Cause of Sarcoidosis
Over the years, many possible and different causes of sarcoidosis have been hypothesized and investigated in detail. Bacteria, viruses, allergic or autoimmune reactions (as in rheumatoid arthritis, for example) and/or hereditary factors could all contribute to the development of sarcoidosis, possibly in combination.
Anyone can get sarcoidosis but in some regions, in some ethnic groups and even in some families sarcoidosis is more common than in others. This suggests that, although clear hereditary factors are lacking, a relationship with certain genes and environmental factors may be assumed, even though there is no hard evidence for this either.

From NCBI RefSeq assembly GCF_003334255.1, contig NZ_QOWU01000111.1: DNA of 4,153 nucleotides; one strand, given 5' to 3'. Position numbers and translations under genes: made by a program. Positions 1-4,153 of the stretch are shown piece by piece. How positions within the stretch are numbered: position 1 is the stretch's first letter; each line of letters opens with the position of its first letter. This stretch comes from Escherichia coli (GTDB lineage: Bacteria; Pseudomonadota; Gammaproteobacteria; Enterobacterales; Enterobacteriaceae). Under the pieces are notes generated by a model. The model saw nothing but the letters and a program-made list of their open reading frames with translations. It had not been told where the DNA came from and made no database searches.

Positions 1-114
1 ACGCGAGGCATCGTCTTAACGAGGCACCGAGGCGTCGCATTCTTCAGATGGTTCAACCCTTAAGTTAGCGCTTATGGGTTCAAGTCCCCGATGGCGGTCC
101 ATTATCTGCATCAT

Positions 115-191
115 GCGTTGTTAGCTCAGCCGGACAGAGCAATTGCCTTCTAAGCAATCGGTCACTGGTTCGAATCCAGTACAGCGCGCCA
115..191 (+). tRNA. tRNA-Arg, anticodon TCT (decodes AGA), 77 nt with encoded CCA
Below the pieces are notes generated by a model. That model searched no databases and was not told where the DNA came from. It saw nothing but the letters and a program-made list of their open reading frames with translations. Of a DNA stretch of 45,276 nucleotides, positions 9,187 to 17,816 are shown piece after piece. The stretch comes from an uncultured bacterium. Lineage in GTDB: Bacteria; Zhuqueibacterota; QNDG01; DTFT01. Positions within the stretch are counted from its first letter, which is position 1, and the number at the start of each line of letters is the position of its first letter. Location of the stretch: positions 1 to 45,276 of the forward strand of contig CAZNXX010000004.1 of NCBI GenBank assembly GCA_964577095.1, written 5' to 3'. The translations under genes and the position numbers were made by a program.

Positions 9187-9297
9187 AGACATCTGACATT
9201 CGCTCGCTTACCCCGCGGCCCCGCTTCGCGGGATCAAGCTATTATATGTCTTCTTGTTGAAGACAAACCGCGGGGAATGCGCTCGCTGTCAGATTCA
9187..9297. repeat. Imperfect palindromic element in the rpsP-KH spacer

Others hypothesize that the disease is a reaction to coniferous pollen (based on the high frequency of occurrence in Scandinavia) or certain chemicals (such as beryllium), but this has never been confirmed in targeted research.
Research has focused primarily on those bacteria (tuberculosis and leprosy bacteria) or substances such as talc or beryllium that are known to cause inflammation similar to granulomas. No evidence for these assumptions has ever been found to date.
The current idea is that people who have inherited a genetic predisposition to sarcoidosis develop sarcoidosis through exposure to an outside ‘trigger’. The fact that people with sarcoidosis often have eyes, lungs and skin affected also seems to support this since all these organs are in close contract with the outside. Examples of possible triggers are bacteria, viruses or occupational substances.
Fortunately, there is still a lot of scientific research being done into the cause of sarcoidosis. This is also happening in the Netherlands.